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What is with this?














Greetings Tracie,

It looks like this is a photo of Latter-day Saints following the example of Christ and taking care of others!

As you may know, freedom of religion is a concept that holds a special place for Latter-day Saints.  Our Eleventh Article of Faith states that

“We claim the privilege of worshiping Almighty God according to the dictates of our own conscience, and allow all men the same privilege, let them worship how, where, or what they may.”

It was not that long ago that we, as a Church, were driven out of our homes and had to flee to the Rocky Mountains (which was then desolate wilderness) because people did not like our religious beliefs.  We should never forget this part of our history, and should work to ensure that no one else ever has to experience what we, as a people, did.  As Elder Robert D. Hales of the Quorum of the Twelve stated in the April 2015 General Conference, “Preserving Agency, Protecting Religious Freedom

“No one should be criticized, persecuted, or attacked by individuals, or governments either, for what he or she believes about God.  It is very personal and very important.”

Assisting others in worshiping God according to their own conscience is one of the most Christ-like things we can do.

Regarding Islam in specific, Church leaders have long encouraged friendship and interfaith dialog between Latter-day Saints and Muslims.  Several years ago, the Ensign published an excellent overview on the relationship between Latter-day Saints and Muslims entitled “A Latter-day Saint Perspective on Muhammad“.  The article discusses how Elder George A. Smith of the Quorum of the Twelve Apostles, back in the 19th century, observed that “Muhammad was ‘descended from Abraham and was no doubt raised up by God on purpose’ to preach against idolatry.”  See id.  More recently, Elder Neal A. Maxwell, addressing Muslim dignitaries, stated that

“God is the source of light in heaven and on Earth.  We share that belief with you.  We resist the secular world.  We believe with you that life has meaning and purpose . . . We revere the institution of the family. . . We salute you for your concern for the institution of the family . . . Mutual respect, friendship, and love are precious things in today’s world.  We feel those emotions for our Islamic brothers and sisters.  Love never needs a visa.  It crosses over all borders and links, generations and cultures.”   See id.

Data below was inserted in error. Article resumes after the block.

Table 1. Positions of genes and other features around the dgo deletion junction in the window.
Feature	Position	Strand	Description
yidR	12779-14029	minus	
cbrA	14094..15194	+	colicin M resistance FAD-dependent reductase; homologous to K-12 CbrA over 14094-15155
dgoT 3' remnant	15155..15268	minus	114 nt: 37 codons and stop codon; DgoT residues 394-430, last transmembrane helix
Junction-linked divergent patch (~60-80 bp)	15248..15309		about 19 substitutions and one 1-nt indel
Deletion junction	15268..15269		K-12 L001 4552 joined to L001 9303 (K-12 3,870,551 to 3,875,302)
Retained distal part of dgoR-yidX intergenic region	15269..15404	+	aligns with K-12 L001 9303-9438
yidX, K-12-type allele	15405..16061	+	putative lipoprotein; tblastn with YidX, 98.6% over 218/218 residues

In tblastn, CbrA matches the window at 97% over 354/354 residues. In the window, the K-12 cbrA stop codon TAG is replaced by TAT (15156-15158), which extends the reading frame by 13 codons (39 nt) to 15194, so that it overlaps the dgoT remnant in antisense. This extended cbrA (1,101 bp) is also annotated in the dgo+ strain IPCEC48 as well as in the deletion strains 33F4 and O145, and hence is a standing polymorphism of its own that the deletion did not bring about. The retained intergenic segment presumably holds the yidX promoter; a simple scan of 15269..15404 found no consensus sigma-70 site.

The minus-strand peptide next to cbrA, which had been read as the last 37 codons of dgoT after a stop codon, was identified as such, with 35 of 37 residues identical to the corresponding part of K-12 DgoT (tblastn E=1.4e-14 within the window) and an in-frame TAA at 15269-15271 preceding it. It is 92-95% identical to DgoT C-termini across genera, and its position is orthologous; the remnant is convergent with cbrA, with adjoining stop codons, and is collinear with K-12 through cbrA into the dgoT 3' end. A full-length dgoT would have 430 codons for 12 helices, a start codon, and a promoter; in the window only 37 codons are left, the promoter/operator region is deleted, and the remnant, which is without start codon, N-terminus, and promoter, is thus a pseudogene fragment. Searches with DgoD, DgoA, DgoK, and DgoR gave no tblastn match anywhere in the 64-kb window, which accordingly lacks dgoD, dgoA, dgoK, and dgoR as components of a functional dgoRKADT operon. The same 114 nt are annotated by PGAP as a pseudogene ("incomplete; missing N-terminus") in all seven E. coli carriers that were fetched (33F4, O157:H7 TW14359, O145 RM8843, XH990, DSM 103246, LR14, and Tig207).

These statements from Church leaders are backed up by actions, as the Church has established dialog with Muslim dignitaries and has actively collaborated with Muslims in charities and academia.  See id.  The goodwill goes both ways; as an Egyptian cabinet minister once remarked to Elder Howard W. Hunter of the Quorum of the Twelve,

“if a bridge is ever built between Christianity and Islam it must be built by the Mormon Church.”  See id.

For those that are worried about “radical Islam” consider this..  All groups have radical or fringe elements.  The best counter to such is the more main stream part of the group cutting them off.

Now imagine two young Islamic followers. Both have something horrible happen to their place of worship.  One of the young followers and (their congregation) is left to struggle all by themselves alone and cut off.  The other is welcomed and supported by different faiths and treated with kindness and respect as they get back on their feet.

Now let’s advance several years.. both have recovered and both are now being exposed to more radical ideas that other faiths need to be destroyed.  Of the two, which one do you think is going to be more vulnerable to the idea?  Which one do you think is going to reject it?

Sometimes our best and most effective weapon is kindness.

So, it should come as no surprise that the Church is offering space for local Muslims to pray after losing their building.  We are just following the counsel of our Church leaders and the example of Christ in extending charity to our Islamic brothers and sisters.






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